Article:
ask whether the aim of the analysis is to eliminate all reference to
representation. Likewise, if some relation is "irreducibly tiadic," this does
not suggests to me that it is incapable of analysis or definition making use
of lessthantriadic relations.
Howard
H.G. Callaway
(hgcallaway[…]aol.com)

Subject: Re: Identity & Teridentity
From: HGCALLAWAY[…]aol.com
Date: Mon, 25 Nov 2002 02:25:57 EST
XMessageNumber: 4
John & list,
In amongst a long reply of much interest, you said something that struck my
eye and which I am inclined to question.
quote
So, returning to the issue of what Peirce meant, my best guess is that he
means that interpretation is nonlinear and does not have a synthetic model.
He was mistaken in thinking that there are logically irreducible triadic
relations.
end quote
As I said to Joe, there is some danger in equating analysis of a relation
with reduction of a relation. So, I would rather say that the question of
whether a given relation is open to some interesting analysis is a question
for inquiry, depending in degree on how the subjectmatter may develop it
is not simply a matter of set theory. I think that Quine merely offers a
mathematical model of reduction to a dyadic relation, which model will remain
without broad nonmathematical interest in many cases. Whether we will justly
regard some analysis offered as a "reduction" is a distinct question. In
consequence, I see no sufficient grounds for thinking, as of yet, at least,
that Peirce "was mistaken in thinking that there are logically irreducible
triadic relations." This, as it seems to me, is a rather strong claim in the
present context.
Howard
H.G. Callaway
(hgcallaway[…]aol.com)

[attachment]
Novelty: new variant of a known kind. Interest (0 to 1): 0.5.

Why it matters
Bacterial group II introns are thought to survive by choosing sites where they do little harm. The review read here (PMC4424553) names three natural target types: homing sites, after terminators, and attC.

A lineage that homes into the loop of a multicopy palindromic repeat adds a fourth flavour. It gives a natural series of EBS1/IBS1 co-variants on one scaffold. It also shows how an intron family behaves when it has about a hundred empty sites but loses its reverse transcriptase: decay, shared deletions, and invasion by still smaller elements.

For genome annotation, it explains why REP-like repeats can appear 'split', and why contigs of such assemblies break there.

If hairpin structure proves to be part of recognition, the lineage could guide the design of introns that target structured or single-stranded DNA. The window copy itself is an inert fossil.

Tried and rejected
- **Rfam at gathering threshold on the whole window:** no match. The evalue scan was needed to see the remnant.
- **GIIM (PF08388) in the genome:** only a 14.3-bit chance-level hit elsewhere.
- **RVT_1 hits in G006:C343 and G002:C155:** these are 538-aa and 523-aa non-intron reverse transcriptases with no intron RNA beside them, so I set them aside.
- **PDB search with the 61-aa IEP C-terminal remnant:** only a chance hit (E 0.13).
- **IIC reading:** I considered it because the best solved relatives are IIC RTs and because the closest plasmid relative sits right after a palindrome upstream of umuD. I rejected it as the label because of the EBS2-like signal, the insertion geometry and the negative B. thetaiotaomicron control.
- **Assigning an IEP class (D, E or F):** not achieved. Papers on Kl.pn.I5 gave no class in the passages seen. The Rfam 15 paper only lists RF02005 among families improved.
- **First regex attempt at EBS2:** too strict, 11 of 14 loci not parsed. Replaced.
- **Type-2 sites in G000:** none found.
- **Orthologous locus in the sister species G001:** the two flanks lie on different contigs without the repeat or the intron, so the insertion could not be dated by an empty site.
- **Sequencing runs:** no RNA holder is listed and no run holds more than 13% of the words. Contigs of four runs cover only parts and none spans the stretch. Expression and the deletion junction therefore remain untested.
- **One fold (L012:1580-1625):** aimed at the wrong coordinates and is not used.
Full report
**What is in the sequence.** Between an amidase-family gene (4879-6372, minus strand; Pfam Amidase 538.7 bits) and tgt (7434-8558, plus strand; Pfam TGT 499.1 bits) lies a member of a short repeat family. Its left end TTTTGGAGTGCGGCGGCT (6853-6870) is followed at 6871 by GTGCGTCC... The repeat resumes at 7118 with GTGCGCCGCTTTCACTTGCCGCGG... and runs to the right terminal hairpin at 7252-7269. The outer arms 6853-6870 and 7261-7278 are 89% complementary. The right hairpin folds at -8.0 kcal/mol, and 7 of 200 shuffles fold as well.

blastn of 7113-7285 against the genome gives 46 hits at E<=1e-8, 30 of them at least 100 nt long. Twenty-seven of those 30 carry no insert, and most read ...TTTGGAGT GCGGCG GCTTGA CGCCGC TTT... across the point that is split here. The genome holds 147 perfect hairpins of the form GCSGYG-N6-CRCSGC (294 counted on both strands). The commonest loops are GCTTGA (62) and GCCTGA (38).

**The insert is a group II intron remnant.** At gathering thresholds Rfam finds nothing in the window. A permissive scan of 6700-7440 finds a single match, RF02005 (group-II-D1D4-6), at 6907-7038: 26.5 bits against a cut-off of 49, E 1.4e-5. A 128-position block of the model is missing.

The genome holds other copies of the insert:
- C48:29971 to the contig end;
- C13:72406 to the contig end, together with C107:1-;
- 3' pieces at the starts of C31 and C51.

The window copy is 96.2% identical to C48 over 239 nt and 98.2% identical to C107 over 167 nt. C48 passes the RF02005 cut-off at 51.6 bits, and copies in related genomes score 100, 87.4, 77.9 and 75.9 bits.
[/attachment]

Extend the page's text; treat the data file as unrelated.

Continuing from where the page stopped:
Subject: Re: Identity & Teridentity
From: HGCALLAWAY[…]aol.com
Date: Mon, 25 Nov 2002 02:40:44 EST
XMessageNumber: 5
Jon,
You wrote:
quote
Again, Jon seems to be assuming the irreducibility of teridentity, which was,
as I recall from the subject line, exactly the point that was at issue.
end quote
I don't want to address the issue of what Jon said, or didn't say. But I
think you usefully focus on a point at issue in this thread. Let us represent
teridentity for present purposes, in this fashion:
Ixyz,
which we regard as true of every ordered triple, such that x=y and y=z. It
seems plausible to say that we can analyze "Ixyz" in standard notation by
reference to "x=y & y=z." There seems to be some advantage, or possible
advantage, to the analysis, since we have axioms for identity theory,
including e.g., "(x) (x=x)" and the substitutivity principle if x=y, then
whatever is true or x is true of y and vice versa.
Now, I am less certain that this is a reduction than I am that it is a pretty
good analysis. To say that it is a reduction, it seems, is just to say that
once we understand the analysis, we see no further need of teridentity. That
result I also regard as plausible, but I think there is an extra step to it,
which is not always so plausible, regarding other relations. For example,
suppose that representation is triadic and that we are able to give some
analysis of it which does not depend on something equally triadic. It would
not follow, as I see the matter, that we have no need of a triadic conception
of representation. Some additional argument would seem to be needed there.
Howard
H.G. Callaway
(hgcallaway[…]aol.com)

Subject: Re: Identity & Teridentity
From: HGCALLAWAY[…]aol.com
Date: Mon, 25 Nov 2002 03:01:01 EST
XMessageNumber: 6
Gary John & list,
You wrote, Gary, commenting on Peirce,
quote
So, identity in the way it's been traditionally seen in logic is hardly
denied, but added to this is the concept of teridenity, which "is not mere
identity. It is identity and identity" in the very sense of the man seen on
consecutive days.